What is Programmatic Advertising?

Programmatic is defined in a lot of ways, before we jump into that — what is it? Programmatic buying is basically using a platform which has a whole bunch of settings to get to the right person at the right time with an advertisers’ creative.

Now on to the definition — Programmatic (Prog) has been defined as the automated buying and selling of online advertising. Think about it this way, we all know what social media ads are right? Well programmatic is the same but for everywhere that isn’t search or social e.g. display banner ad on a webpage — that’s prog, video ad on YouTube — prog, video ad on a website — most probably also prog, audio ad on Spotify — could be prog as well!

Before Programmatic, a publisher had to call an advertiser, negotiate terms for different value of ad inventory, and use a manual insertion order process before buying. Today, ad exchanges have entirely changed the process of selling and buying in programmatic advertising.

Publisher: someone who displays the advertisements, normally the “owner” or “reseller” of a website or a blog, but also as the industry develops it also includes digital billboards, smart TVs etc. For example Spotify, ESPN, The Guardian, etc. They get paid for displaying ads on their page/app.

Inventory: The actual space on the page where the ads will be displayed — the publisher sells the space on the website as inventory.

Now on to that platform I mentioned earlier — agencies / advertisers use what is called a DSP (Demand Side Platform) to decide which impressions to buy and how much to pay for them, while publishers (e.g. website owners) use a supply side platform (SSP) to sell ad space to brands. These two platforms are then matched up in real time through an exchange.

Impression: When an Ad gets loaded on a webpage that is considered as an impression — it is basically a count of how many times and ad loaded and therefore was probably viewed.

Advertiser: is someone who is trying to sell the products/services, e.g. Coca-Cola, Nike, etc. They pay to get their advertisement displayed on different digital channels. An Agency normally works on behalf of an Advertiser.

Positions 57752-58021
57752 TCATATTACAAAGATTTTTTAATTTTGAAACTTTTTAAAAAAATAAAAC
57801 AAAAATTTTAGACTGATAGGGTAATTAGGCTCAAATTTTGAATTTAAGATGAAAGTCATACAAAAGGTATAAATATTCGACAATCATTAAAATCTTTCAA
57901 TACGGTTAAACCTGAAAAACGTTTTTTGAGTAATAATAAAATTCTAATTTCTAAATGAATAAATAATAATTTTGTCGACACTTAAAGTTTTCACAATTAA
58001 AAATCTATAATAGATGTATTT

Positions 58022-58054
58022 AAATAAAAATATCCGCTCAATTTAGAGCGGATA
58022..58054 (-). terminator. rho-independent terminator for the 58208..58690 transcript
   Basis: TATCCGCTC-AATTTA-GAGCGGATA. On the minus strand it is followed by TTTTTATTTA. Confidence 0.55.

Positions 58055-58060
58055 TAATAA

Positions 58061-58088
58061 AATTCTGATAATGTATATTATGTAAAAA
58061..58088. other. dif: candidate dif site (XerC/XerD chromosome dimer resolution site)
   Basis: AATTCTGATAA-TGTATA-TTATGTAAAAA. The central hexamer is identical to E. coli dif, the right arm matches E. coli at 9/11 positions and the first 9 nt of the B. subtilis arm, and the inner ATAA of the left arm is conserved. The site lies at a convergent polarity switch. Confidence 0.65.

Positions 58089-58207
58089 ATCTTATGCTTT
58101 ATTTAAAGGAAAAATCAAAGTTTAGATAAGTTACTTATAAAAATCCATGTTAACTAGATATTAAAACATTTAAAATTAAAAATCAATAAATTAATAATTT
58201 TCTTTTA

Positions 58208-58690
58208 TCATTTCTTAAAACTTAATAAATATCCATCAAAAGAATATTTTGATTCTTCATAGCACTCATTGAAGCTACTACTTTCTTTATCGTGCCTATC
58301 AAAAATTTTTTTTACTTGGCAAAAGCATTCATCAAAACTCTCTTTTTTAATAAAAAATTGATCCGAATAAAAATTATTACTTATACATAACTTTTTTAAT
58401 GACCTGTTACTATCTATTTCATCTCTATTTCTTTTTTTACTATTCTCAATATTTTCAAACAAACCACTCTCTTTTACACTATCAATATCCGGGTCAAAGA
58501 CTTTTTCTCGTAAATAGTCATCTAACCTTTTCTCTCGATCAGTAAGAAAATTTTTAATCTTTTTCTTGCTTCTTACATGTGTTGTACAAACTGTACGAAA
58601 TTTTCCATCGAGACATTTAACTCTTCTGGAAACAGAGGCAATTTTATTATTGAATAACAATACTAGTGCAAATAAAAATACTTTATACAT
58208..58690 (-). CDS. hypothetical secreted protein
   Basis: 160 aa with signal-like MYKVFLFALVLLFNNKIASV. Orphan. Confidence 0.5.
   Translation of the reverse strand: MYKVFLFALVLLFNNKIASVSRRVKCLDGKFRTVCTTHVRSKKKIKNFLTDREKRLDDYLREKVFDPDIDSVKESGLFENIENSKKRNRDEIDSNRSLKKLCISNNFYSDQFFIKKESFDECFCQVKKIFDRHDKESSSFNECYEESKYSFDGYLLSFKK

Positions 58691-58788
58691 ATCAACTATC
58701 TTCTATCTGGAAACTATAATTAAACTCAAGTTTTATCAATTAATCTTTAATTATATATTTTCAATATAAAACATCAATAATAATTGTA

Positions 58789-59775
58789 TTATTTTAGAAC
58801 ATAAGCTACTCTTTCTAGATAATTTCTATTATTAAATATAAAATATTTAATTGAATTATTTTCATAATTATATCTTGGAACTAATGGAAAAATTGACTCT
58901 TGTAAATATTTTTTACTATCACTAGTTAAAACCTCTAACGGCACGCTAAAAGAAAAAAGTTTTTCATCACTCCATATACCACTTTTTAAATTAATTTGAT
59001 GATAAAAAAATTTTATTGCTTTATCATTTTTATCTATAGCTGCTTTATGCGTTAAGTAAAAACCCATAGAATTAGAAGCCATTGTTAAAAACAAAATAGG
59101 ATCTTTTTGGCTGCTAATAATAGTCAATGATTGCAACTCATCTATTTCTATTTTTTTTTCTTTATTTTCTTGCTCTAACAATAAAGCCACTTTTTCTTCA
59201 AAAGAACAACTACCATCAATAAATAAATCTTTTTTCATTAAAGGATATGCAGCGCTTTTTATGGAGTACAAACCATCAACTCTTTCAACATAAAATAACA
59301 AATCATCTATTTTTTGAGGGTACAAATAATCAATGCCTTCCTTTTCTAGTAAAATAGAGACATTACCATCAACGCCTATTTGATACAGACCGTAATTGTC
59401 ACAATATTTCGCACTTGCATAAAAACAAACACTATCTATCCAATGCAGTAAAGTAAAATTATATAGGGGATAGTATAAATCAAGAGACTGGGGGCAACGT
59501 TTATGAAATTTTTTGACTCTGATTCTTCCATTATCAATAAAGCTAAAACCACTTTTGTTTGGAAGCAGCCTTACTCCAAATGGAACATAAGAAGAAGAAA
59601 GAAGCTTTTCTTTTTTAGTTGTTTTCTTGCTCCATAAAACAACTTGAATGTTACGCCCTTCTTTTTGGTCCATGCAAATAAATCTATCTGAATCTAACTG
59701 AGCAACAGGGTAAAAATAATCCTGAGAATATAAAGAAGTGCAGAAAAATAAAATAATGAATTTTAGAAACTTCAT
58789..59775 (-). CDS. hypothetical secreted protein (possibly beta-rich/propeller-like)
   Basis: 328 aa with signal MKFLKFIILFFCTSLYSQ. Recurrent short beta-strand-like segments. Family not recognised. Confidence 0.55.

Infographic taken from https://www.pmg.com/

DSPs are really important and super smart because they not only allow you leverage behavioural and contextual targeting to get as niche or as broad as you want, they can use algorithms to ensure you are getting the most bang for your buck, it uses artificial intelligence to understand what types of users / websites our creatives perform the best on and then bids more aggressively there vs on sites it doesn’t do as well on.

Another acronym that gets thrown around when talking about programmatic is RTB or Real Time Bidding — this is what revolutionised the old school market, one of the ways to buy programmatically is through RTB, where as a website page loads, multiple advertisers enter an auction to try to place their ad on the website and show their creative to “you”, a consumer. The advertiser that is willing to pay the most then gets to place their ad on the site and you see the creative and hopefully click on it or remember it and then purchase their product. There are other ways of buying programmatically that aren’t just RTB — but we will cover that in another article. For now remember that Prog isn’t only RTB, but RTB is a major part of Prog!

What about Ad Exchanges? Ad Exchanges connect DSPs and SSPs allowing the auction process to occur and allow for the winner to serve their creative for a specific impression opportunity. I like to think of an Ad Exchanges as an auction house like Christies for example, buyers and sellers come together and Christies facilitates the bidding — well same thing here — DSPs and SSPs come together and the Ad Exchange allows the auction to happen, for every impression on a site and then the winning advertiser (or agency) participating in that auction gets to put their ad on the site for the user to see.

You will also see an ad server mentioned, this is basically where the creative lives — the last thing publishers want is to slow down their website loading by receiving a huge file every time a creative needs to serve on their site or even host all their advertisers creatives themselves. In order to make things faster and easier for all parties involved, advertisers will place their creatives in an ad server, and once the auction is won the DSP will call on the Ad Server to show the creative on to the Publisher’s website.

Key points:

  • Demand-Side Platforms (DSPs) enable advertisers to buy ad impressions and help determine how much to bid for each impression opportunity.
  • Supply-Side Platforms (SSPs) enable publishers to offer inventory and help maximize how much their inventory sells for.
  • Ad Exchanges connect DSPs and SSPs and facilitate the auction process to determine who gets to serve in each impression opportunity.
  • Ad Servers place the winning ad in the corresponding inventory slot.
  • Data Providers enhance the ecosystem by offering additional pieces of information to better inform each transaction. Things like the context or topic of the page where the ad would serve, pre-built third-party audiences, lookalike audience building, hyper-local targeting, fraud detection and prevention, and first-party data onboarding.